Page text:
Adorable, Lovable, Cute, Endearing, Sweet, And Darling

, , , , , | Related | April 3, 2021

When I am nine and my sister is five, our neighbor Roger decides he needs to live in an assisted living facility. Knowing that I play violin and piano, he gives me his clockwork, non-electronic metronome — a device that clicks to keep you on tempo. I put it on top of the rather tall upright piano.

Later that week, I am given an English assignment to use a thesaurus on a previously-written essay.

Me: “Mom, have you seen Roger’s Thesaurus anywhere?”

Mom: “What did you say?”

Sister: “What’s a thesaurus?”

Mom: “Did you say, ‘Roger’s Thesaurus’?”

Me: “Yeah, that’s what my teacher wants me to use.”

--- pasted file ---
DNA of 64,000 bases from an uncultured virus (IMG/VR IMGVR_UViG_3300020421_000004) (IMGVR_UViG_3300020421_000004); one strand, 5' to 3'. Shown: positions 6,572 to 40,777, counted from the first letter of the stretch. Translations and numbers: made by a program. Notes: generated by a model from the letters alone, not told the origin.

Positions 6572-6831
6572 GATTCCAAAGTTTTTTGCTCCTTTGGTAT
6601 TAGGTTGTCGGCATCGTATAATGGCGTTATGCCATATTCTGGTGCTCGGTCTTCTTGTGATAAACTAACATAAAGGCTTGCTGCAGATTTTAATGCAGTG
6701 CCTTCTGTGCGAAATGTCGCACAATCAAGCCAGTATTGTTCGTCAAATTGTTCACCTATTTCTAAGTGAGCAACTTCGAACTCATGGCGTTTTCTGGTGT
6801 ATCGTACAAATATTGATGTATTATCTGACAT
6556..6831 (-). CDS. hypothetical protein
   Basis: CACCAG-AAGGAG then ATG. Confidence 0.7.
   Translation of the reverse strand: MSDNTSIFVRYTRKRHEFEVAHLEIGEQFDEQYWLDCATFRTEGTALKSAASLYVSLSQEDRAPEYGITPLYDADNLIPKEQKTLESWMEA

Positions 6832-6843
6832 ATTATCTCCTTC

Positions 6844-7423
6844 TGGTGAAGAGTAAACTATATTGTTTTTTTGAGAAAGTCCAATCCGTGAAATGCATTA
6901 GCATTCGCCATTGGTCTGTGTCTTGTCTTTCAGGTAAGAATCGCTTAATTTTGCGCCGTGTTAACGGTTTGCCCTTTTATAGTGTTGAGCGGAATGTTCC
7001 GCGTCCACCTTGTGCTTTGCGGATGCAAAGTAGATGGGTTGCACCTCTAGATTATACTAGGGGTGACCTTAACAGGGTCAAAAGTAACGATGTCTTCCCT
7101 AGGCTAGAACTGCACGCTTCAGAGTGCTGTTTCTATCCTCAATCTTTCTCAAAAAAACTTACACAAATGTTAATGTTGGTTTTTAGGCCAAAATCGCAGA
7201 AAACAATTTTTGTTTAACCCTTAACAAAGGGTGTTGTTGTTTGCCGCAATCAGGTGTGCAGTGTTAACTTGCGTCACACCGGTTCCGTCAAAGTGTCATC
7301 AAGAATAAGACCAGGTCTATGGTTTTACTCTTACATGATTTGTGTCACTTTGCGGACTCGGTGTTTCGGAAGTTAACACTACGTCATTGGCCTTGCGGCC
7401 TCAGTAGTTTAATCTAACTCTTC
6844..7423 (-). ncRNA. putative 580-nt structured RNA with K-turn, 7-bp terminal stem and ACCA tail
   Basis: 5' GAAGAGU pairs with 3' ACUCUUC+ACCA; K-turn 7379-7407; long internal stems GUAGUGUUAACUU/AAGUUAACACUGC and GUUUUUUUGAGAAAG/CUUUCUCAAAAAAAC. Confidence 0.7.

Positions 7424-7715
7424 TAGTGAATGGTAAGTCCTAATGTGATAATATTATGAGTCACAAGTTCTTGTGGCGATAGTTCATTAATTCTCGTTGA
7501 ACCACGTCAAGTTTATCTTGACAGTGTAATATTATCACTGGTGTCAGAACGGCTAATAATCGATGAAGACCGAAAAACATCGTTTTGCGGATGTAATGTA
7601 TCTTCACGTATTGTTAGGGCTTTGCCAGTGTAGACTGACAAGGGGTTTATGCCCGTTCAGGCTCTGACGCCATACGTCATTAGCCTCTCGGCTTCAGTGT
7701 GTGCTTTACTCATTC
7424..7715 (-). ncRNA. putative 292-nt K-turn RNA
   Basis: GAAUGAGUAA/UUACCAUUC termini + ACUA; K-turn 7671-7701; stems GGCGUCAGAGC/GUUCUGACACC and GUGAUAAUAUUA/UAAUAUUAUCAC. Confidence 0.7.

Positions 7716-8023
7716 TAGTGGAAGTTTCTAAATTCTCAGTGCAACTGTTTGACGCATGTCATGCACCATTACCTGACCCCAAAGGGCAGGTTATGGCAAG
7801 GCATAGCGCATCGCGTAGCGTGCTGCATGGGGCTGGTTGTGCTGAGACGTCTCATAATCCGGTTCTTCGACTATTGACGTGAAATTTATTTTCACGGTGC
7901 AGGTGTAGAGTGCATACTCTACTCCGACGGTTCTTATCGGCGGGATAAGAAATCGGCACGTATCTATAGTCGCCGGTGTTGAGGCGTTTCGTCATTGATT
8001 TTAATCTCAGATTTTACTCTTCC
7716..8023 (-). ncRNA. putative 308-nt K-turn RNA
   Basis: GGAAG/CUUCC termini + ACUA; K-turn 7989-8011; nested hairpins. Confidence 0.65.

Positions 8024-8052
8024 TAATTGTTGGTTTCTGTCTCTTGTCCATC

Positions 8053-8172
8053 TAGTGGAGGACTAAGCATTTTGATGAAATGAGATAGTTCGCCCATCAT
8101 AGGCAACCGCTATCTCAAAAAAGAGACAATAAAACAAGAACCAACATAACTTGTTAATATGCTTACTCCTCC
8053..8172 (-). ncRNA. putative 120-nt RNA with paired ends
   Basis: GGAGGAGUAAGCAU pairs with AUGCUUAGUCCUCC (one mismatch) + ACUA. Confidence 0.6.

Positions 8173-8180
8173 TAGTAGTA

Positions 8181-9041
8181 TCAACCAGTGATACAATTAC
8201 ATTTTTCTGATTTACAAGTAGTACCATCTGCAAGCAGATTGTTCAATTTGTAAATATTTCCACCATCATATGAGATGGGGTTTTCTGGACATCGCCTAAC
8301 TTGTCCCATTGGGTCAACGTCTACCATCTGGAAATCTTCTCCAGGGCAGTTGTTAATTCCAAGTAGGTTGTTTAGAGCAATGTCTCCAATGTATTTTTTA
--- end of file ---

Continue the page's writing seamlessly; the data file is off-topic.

Sister: “What’s a thesaurus?”

Mom: “It’s not Roger’s; it’s Roget’s! I’ll call and ask your father where it is. I know we have one. Go ahead and get on the computer.”

I turn to explain to my sister what a thesaurus is, but she has left the room, so I head downstairs to the family desktop.

A couple of minutes later, I hear a crash from upstairs. Figuring it is my mom dropping things like usual, I ignore it. My sister then comes bounding down the stairs with a freshly-forming bruise on the side of her face, metronome in hand.

Sister: *Happily* “I got Roger’s dinosaur for you! I had to climb on the coffee table to get it, and the coffee table fell over and I fell, but don’t worry. I didn’t break anything. I’m okay, too.”

Me: “Um, thanks. That was really nice of you. But I don’t have to practice violin until later. Why’d you bring this to me? And why do you think it’s a dinosaur?”

Sister: “But you told Mom you needed Roger’s dinosaur for your English homework! This is the only thing Roger gave you!”